I’m a man. On writing this, the first thing I wonder is what you think of me when you read that sentence. Do you think I’m saying it with my deep, husky voice, rumbling down from somewhere above 6ft3, or do you think I’m saying it in a light breezy voice as if it just happened to hop out my mouth, without me even thinking about it?
I’m a man. Or perhaps you read it in the voice of one of your friends, in your own voice, or maybe your boyfriend’s? What about… ”We’re men.” who do you imagine is saying that? In my head, as much as I hate to admit it, it’s a group of large, miserable looking men with deep voices, who are all dramatically backlit. We’re men.
However, when I think of all the men I know and I imagine them for some reason all speaking this phrase, not one of them is the muscle man I have pictured in my head.
The men I know are a huge variety, from understated, spectacled men to kind, laughing men to grinning, shark-like men that I can only describe as slimy. Not one has a permanent look of misery, a particularly deep voice or a constant and dramatic backlight. Even though we are all aware that the definition of masculinity has changed, the word ‘man’ or ‘men’ still carries a lot of stereotypes and I hope in future we can change the connotations of “I’m a man.” or ”We are men.” to mean the actual man and men we know.
As soon as I was invited to write this article, I decided not to. I didn’t think my experience of being a man was the right experience; in essence I didn’t think it was ‘masculine’ enough. It was only when I was writing my reply to my boss, telling her I didn’t think I was the right person to write this, that I realised why I was wrong. I thought of the type of man I would view as ‘masculine’ and expect to write an article on masculinity and realised it was the classic cliché, muscles, testosterone etc., which I don’t fit. Then when I thought of the men I actually know, I realised none of them fit this description either, and that the definition of masculinity should include and encompass male experience as a whole. However, we continue to define masculinity by a small subset of men with large muscles and grumpy dispositions.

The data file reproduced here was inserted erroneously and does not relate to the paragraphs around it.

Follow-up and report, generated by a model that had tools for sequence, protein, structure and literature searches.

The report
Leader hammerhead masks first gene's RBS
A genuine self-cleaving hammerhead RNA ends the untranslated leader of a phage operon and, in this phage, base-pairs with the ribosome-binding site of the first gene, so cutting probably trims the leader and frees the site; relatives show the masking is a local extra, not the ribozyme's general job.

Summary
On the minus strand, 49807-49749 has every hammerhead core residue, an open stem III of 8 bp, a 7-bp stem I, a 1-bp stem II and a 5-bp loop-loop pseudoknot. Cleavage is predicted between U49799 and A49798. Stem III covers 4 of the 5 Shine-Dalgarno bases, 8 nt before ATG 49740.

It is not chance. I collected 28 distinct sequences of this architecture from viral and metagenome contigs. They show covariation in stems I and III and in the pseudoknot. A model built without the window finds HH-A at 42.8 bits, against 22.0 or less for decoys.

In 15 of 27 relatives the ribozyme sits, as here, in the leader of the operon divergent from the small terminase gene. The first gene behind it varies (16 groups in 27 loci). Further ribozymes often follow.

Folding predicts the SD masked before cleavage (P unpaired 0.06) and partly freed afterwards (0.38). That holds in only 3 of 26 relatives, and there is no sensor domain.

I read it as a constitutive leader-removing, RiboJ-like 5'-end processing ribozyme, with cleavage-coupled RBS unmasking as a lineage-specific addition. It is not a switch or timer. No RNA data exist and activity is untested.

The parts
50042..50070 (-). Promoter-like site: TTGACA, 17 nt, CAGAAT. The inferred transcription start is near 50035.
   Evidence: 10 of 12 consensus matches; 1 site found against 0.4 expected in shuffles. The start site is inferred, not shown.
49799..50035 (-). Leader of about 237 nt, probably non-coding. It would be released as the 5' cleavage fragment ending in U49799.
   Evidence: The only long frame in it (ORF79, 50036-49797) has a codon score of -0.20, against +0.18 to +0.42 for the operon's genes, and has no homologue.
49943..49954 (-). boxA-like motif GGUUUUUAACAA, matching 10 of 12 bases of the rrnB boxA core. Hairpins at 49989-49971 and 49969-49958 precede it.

This is not me. I’m camp, I’m skinny and I own eight boxes of herbal tea. However, that doesn’t mean I’m not masculine; rather, it means the way we define masculine is wrong. It doesn’t make sense to hold men to our definition of masculinity, we should hold our definition of masculinity to the men it describes, which should be all of them.
Yet, once you try and do this it becomes clear that there’s actually no such thing as masculine; on account of every man being so different, you can’t hope to convey the hugely conflicting and contrasting personalities and characteristics of all the men of 2019 with one word. It would be like trying to decide what colour a ball pool is. Describing a man as masculine is like trying to convey whether it’s snowing, raining or sunny outside by simply saying it’s ‘weathery’, it doesn’t work. With the weather being so distinctly variable, using the word ‘weathery’ to describe it is about as useful as saying nothing at all.
Saying the word masculine is an equally pointless use of language. Because every man is so different, trying to truthfully describe every single male experience in three syllables can never work. The word is useless.
When you try to use masculine to mean what it should mean, it doesn’t mean anything at all, because there’s no such thing as a defining trait of all the males in existence, there’s no such thing as ‘masculine’.